Ah, ok I get it now. I'll look back at that again,
On 06/12/2012 11:43 AM, "Martin J. Dürst" wrote:
On 2012/06/09 10:45, Stephen Farrell wrote:
On 06/09/2012 01:43 AM, Sam Hartman wrote:
It's a naming
hierarchy. My main concern is whether the relative reference algorithm
described in section 5/4.2 of RFC 3986. In particular take a look at the
last part of section 1.2 of RFC 3986 regarding the disallowing of
/. Consider how you want relative references in an HTML document
resolved through a ni: URI to work. I don't think your use of authority
provides good results. However I'm not sure that better results would be
achieved without hierarchy. I hope though that these comments will help
inject some ways of reasoning about authority that are less mystical and
that lead to more practical discussion.
I think your comment about relative URIs is fair and we maybe ought
say there are no such things for ni URIs. (Or however that kind of
thing is stated best).
You can't say that. It's perfectly okay to have an HTML document like this:
<title>ni: relative URI test</title>
<p>Please check <a href="sha-256;f4OxZX...">this document</a>.
And <a href="sha-256;UyaQV...">this other document</a>.
And <a href="sha-256-128;...">this third document</a>.
("..." used for brevity). What the browser will try to interpret when
the links are activated is:
If you don't think that makes sense, then you might just leave it to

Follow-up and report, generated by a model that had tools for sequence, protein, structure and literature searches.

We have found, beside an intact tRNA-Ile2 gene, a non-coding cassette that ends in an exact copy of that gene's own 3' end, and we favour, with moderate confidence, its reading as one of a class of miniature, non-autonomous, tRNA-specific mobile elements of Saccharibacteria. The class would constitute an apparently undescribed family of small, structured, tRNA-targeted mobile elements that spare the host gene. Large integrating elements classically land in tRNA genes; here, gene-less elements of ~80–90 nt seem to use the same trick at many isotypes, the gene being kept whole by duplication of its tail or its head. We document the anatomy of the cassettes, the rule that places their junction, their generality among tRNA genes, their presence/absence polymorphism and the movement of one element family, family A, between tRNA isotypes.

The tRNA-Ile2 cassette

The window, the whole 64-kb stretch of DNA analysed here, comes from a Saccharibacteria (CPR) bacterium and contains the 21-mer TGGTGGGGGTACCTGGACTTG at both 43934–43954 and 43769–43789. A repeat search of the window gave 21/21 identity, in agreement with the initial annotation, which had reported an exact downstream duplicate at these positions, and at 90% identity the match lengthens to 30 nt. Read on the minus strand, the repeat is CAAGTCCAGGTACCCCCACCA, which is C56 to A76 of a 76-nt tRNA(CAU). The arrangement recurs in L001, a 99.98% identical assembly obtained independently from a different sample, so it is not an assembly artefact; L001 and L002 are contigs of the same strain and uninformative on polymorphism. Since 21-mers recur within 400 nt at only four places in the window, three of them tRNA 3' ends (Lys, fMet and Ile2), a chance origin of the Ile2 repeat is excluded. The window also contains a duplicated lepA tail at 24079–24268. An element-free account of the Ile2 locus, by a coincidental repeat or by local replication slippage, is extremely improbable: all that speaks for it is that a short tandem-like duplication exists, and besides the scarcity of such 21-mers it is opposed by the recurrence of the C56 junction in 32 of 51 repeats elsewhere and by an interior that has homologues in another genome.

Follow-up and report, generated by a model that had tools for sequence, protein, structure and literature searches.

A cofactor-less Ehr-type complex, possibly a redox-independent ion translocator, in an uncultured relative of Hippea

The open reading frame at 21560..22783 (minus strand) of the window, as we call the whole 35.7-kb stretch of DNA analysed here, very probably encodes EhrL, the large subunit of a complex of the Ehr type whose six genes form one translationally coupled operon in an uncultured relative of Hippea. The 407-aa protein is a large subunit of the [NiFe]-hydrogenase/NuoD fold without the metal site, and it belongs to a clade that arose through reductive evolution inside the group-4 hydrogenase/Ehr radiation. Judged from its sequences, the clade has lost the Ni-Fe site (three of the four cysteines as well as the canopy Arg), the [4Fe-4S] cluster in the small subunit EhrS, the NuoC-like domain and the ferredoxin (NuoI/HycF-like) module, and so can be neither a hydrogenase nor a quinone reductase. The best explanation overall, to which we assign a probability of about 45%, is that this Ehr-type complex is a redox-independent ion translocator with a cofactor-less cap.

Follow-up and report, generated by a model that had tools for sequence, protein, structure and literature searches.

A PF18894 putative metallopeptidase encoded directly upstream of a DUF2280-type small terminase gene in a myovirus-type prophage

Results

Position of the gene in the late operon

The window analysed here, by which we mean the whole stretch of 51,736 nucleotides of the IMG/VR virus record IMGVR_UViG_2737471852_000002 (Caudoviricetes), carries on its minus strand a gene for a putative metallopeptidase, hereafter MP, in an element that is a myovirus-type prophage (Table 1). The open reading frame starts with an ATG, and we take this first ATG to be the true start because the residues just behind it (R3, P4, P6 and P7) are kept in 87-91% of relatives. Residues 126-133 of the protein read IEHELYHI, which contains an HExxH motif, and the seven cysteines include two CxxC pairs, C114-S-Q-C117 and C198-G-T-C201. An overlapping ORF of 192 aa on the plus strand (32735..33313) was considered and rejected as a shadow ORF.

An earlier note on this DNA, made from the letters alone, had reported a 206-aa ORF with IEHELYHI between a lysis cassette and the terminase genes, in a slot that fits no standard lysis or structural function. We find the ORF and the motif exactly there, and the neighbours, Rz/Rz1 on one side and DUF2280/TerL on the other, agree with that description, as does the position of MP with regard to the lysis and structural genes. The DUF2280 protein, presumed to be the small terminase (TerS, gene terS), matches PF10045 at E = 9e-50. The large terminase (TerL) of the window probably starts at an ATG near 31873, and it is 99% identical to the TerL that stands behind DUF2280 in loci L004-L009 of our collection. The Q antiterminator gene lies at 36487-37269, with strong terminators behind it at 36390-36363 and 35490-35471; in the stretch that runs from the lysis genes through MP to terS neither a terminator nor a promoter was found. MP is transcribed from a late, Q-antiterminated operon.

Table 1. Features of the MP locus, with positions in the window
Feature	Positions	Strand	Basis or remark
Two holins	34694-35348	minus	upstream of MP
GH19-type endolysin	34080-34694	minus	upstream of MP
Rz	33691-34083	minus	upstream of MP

users to not use it that way. On the other hand, if you think that's
actively harmful (I couldn't come up with a reason for that), then you
have to change to the form without //.
[Well, actual browser behavior is a bit more mixed:
IE does what's explained above, and tries to go to the address, but says
that this page can't be displayed.
Safari uses the above resolved URIs when asked to copy the link, and
also tries to follow the link saying that the page can't be opened.
Mozilla doesn't even show the link texts as links, nor allows to
activate them, probably because it decides that it doesn't want to
disappoint the user when she clicks.
Chrome shows the underlined links, but doesn't want to show any
destination when hoovering. When activating, it goes to about:blank.
Opera shows and tries to go to ni://sha-256;f4OxZX... and similar, i.e.
it seems to drop the authority, possibly because it doesn't have ni:
registered as a hierarchical scheme. But that would be fixed when the
scheme is getting implemented.]
I guess a sentence or two about relative URIs would be worthwhile
and I'll ponder that.
Yes, please do. I'm willing to check it.